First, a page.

President Joe Biden has set the September 11 deadline for all American troops to leave Afghanistan, winding up 20 years of the invasion by the United States. Military officials say the withdrawal would be complete about two months ahead of the schedule. The peace talks between the Afghan government and the Taliban that started in Doha last year have been frozen for months. The bid by the U.S. to hold a summit in Istanbul between the warring parties has been a non-starter. On the ground, the Taliban are making steady advances. Since May 1, the Taliban have seized eight districts in four different regions. At least six provisional capitals, including Kabul, Lashkar Gah (Helmand) and Kandahar, have the insurgents at their gates. As of now, about 22% of Afghanistan’s 398 districts are in the Taliban’s control and 24% with the government, while more than half of the country’s territories are contested.
A neocon war
The longest war in America’s history is also turning out to be one of its most disastrous. After 20 years of war, when the world’s mightiest military is exiting Afghanistan, the Taliban, which it sought to perish, are at the height of their influence since they were driven out of power. Terrorist networks, which the U.S. vowed to destroy when it launched its global war on terror in Afghanistan, are now scattered across Asia and Africa, from eastern Afghanistan to the Sahel region. What went wrong for the U.S.?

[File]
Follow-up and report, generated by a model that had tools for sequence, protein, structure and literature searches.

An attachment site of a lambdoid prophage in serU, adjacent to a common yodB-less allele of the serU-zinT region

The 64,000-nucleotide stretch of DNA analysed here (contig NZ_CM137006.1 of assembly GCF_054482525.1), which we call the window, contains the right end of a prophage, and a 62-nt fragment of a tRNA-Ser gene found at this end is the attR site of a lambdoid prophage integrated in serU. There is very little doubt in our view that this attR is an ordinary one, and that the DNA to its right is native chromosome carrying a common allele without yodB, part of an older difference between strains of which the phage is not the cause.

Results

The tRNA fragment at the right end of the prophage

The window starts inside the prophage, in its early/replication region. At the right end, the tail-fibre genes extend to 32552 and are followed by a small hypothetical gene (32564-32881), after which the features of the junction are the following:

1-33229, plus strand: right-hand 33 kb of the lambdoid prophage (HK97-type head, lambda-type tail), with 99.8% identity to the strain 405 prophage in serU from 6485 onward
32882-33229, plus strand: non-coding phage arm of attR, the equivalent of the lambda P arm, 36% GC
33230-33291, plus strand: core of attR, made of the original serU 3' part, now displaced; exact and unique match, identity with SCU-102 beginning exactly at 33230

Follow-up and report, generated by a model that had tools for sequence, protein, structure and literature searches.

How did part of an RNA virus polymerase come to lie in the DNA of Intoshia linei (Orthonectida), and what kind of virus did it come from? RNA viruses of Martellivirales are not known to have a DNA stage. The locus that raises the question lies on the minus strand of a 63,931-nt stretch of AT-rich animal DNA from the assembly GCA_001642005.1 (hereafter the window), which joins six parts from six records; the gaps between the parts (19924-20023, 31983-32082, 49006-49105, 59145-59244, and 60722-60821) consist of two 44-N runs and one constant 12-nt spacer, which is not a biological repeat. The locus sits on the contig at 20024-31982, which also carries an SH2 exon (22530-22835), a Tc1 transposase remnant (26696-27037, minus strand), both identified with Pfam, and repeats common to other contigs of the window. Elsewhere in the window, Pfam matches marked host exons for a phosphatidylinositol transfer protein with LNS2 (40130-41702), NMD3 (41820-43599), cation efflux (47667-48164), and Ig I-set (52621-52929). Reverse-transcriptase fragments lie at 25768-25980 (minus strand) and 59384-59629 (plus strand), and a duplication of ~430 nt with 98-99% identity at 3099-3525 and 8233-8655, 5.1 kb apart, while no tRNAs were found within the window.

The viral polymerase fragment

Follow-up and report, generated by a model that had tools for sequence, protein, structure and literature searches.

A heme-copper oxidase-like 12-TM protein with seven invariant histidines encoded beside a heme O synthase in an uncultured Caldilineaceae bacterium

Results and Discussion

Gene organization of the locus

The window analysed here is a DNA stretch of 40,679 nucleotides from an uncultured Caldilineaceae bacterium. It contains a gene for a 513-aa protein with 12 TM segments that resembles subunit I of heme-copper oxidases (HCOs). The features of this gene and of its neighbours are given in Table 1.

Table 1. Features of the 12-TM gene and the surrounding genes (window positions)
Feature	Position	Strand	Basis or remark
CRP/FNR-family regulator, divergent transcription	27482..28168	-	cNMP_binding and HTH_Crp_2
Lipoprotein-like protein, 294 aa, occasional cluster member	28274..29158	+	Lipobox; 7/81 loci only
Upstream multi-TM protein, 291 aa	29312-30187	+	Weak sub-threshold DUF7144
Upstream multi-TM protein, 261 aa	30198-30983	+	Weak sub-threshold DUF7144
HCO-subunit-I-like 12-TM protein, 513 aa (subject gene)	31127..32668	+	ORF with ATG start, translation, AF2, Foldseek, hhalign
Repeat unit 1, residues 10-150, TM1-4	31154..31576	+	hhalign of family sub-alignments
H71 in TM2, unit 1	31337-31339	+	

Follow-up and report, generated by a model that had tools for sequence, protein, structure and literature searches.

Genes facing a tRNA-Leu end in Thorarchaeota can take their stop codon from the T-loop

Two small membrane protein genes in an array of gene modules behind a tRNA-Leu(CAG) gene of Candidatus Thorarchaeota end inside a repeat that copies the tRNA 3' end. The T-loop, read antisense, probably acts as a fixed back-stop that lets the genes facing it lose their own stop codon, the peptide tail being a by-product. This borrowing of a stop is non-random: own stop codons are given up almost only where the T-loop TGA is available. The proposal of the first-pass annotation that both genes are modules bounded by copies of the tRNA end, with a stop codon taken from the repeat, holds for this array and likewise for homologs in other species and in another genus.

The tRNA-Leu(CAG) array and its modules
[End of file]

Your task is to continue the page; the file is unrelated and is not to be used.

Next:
The U.S. made three fundamental mistakes, which led to the superpower’s humiliating exit from this clichéd ‘graveyard of empires’.
First, the U.S. went into Afghanistan without learning anything from the country’s history, or was blindsided by the unipolar hubris. Afghanistan was invaded by great powers in the 19th and 20th centuries as well. The British empire, which feared a Russian invasion to India via Afghanistan, sent troops to the country in 1839, ousted its ruler Dost Muhammad and established a client regime of its ally, Shah Shujah. But the British had to withdraw in the face of Afghan resistance, mostly by Pashtun warriors; while retreating in 1842, all of the British and Indian troops, except one doctor, were massacred by Afghans. In 1979, the Soviet Union sent troops to Afghanistan to salvage the country’s nascent communist regime, orchestrated a coup and established a friendly regime. The Soviets, faced with a bloody Mujahideen resistance (which was bankrolled and trained by the U.S., Saudi Arabia and Pakistan), had to pull back in 1989 in ignominy. The U.S. might have thought that history would have been kinder to them when they launched the Afghan invasion in October 2001. It wasn’t.